2. Thank you for sharing your experience & information. 2016 was my first year trying caladiums, & our winter was mild in OK. I’m hoping my potted caladiums, will survive my ignorance. I’m looking forward to trying again with new bulbs. I truly enjoyed the lovely variety of colors under my pear tree.

    1. Hi and thanks for your comment. I bet they looked lovely under your tree. Hope you have good luck again this year!

  3. Thank you for your ideas, tips and experiences.Hola. I live in Arizona, and our temperature in the summer time is sreamly hot. Any recommendations.

    1. Hi Martha – Caladiums are native to South Africa and the ones we sell are grown in Florida, where it is also very hot in the summer. For you to have success growing them in AZ, you will need to plant them in soil that is relatively rich in organic matter water them regularly so the soil stays slightly moist. If you can’t provide those conditions in your garden, you could think about growing them in containers. Also, you may want to start with sun tolerant varieties, as the leaves are less sensitive.

  4. I have a very interesting situation….I came across a caladium tuber from my planter last year (in Chicago) as I was cleaning it out to replant it last week. We are in zone 5, in addition the planter is above ground and not protected from the temperatures dropping as low as zero degrees last winter!
    It was not only in great condition, it was sprouting! In my 40 years of gardening this has never occurred. I am watching it closely and its first leaves are about to open….

    1. Hi Jeff – Wow! That is something! Try wintering that tuber with a little more protection next year. Maybe you have something there.
      Do you know what variety it is?

  5. I bought Caladium bulbs on closeout at the end of July. Do I need to wait until March of next year to plant. Should I plant in pots and keep in the house until spring. Help. I was so excited to find bulbs on sale, I did not think about planting them. I live in zone 7.

    1. Hi Peggy,
      You need to get those bulbs into pots or into your garden right away. There should still be time for them to grow and give you some late season color. The bulbs won’t survive if you try to save them from now until planting time next spring. Good luck!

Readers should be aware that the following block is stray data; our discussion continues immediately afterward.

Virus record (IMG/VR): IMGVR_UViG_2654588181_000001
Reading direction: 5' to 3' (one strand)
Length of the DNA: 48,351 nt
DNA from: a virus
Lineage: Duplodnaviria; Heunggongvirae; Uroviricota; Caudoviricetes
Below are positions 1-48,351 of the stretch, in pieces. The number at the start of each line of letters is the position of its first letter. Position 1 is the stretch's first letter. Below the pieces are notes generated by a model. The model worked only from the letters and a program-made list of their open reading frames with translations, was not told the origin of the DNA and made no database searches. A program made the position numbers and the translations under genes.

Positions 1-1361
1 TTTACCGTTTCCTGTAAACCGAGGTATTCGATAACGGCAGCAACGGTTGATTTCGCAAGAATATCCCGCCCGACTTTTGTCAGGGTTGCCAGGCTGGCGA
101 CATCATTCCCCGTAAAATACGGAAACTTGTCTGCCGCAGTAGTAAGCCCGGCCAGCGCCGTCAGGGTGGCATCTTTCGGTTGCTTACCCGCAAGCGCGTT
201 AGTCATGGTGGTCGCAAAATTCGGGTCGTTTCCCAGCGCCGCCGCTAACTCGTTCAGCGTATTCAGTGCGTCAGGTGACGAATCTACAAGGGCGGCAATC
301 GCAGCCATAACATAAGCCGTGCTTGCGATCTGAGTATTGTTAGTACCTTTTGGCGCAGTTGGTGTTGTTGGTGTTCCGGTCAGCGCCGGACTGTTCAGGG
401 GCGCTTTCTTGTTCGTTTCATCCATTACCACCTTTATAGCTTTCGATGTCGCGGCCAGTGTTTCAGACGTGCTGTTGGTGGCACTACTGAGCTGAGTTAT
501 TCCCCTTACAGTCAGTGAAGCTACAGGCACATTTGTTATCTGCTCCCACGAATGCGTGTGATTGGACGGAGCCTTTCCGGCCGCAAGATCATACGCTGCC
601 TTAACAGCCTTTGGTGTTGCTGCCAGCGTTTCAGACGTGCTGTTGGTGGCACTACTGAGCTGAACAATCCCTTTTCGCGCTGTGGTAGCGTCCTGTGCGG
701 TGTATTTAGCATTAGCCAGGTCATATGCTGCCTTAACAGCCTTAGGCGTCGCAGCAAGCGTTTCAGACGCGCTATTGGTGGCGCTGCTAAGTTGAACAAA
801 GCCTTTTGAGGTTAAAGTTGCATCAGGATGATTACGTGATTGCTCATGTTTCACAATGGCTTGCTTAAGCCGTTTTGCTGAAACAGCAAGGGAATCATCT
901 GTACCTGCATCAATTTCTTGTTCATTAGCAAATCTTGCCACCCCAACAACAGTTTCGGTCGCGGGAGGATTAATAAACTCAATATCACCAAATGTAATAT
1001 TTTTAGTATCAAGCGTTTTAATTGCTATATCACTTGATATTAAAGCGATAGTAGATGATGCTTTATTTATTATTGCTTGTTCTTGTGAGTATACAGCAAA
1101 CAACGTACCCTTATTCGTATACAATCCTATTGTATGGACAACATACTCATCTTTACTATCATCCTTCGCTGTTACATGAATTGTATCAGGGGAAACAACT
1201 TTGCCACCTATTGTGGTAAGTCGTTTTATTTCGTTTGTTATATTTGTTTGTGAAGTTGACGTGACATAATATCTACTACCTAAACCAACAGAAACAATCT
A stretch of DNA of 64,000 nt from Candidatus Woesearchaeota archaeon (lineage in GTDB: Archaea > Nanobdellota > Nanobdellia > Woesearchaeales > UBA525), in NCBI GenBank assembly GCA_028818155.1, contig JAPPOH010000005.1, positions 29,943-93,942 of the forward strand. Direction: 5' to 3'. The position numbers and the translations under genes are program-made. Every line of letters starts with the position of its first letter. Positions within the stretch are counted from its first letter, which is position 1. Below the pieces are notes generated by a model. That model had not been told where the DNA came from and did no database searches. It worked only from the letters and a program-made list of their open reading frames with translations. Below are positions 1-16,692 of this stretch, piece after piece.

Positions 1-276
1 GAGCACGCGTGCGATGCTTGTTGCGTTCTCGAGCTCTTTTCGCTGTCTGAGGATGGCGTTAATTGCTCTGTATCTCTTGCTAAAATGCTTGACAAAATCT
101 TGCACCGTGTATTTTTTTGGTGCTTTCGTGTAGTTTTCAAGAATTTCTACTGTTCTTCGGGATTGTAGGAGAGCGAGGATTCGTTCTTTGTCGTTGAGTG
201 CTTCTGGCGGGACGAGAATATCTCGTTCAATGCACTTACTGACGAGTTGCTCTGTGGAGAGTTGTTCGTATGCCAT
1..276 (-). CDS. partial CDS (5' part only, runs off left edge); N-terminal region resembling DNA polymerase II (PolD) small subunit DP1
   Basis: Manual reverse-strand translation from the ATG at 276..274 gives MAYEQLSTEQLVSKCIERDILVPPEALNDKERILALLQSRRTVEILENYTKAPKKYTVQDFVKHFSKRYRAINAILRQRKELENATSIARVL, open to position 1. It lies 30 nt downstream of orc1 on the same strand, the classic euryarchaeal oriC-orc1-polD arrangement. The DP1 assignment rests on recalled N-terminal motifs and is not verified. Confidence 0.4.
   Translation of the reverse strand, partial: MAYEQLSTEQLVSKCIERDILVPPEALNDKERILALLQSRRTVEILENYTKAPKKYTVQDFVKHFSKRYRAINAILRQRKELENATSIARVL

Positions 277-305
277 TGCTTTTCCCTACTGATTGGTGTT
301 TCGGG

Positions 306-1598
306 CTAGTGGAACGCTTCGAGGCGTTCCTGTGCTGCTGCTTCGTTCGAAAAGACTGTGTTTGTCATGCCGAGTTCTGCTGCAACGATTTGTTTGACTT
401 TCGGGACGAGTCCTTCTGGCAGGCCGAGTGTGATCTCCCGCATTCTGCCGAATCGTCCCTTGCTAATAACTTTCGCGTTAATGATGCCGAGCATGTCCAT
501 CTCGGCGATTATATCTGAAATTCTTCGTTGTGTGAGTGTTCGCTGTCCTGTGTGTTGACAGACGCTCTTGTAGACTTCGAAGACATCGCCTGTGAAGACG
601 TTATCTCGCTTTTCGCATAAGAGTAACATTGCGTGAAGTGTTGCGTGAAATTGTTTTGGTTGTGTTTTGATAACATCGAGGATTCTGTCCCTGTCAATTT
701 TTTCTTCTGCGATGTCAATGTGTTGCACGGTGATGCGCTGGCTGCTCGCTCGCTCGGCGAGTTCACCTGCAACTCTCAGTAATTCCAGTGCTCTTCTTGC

6. I planted caladiums in pots for the first time this year. I live in northern Ohio. What should I do with them over the winter? They are beautiful.

    1. Hi Linda – So glad to hear your caladiums have been a success. They are great plants!
      If you want to winter over your caladium bulbs, you’ll find information about how to do that right on our website: longfield-gardens.com
      Click on the LEARNING tab on the navigation bar, go to summer-planted bulbs and All About. There you will find an article about growing caladiums, with information at the bottom about overwintering the bulbs.

  7. I am living in zone 5 B. This year I planted different color caladiums in containers with the idea I will be taking them indoors during winter season.

    I have also grown elephant ears in 18″ plastic containers ( cheap ) which might crack once the plant becomes huge.

    1. Hi Savita. Caladiums are dormant in the winter months, so the foliage will eventually die back in the fall — even if you bring the plants indoors. When that happens, you can let the soil dry out and store the bulbs somewhere out of the way where they won’t freeze. When the weather gets warm again in spring, you can start them back up again as you did this year.
      Some types of elephant ears are also dormant during the winter months. If the leaves die back, just treat the plants as you will the caladiums and repot the bulbs in fresh soil next spring. Elephant ears can get very large and you will probably need larger containers for them next spring.

  8. I live in zone 5 (Midwest) and had a great summer garden full of caladium. I think I will dig them up and store them indoors this winter; how soon should I dig them up?

    1. Hi Gina — If you want to try overwintering your caladiums, you can dig up the tubers as soon as the foliage starts yellowing and going limp (which means the tubers are entering dormancy). Leave the foliage attached and lay the plants out to dry in a protected location. When fully dry, gently clean the tubers to remove most soil and foliage, and put them into a mesh bag. Store in a warm, dry place (70°F) and then replant in spring.

      Note that if the tubers you dig up are smaller than the ones you planted last spring, it’s probably not worth saving them. Tubers that you purchase fresh are grown in optimum conditions so they’ll be as large as possible and give you the best results.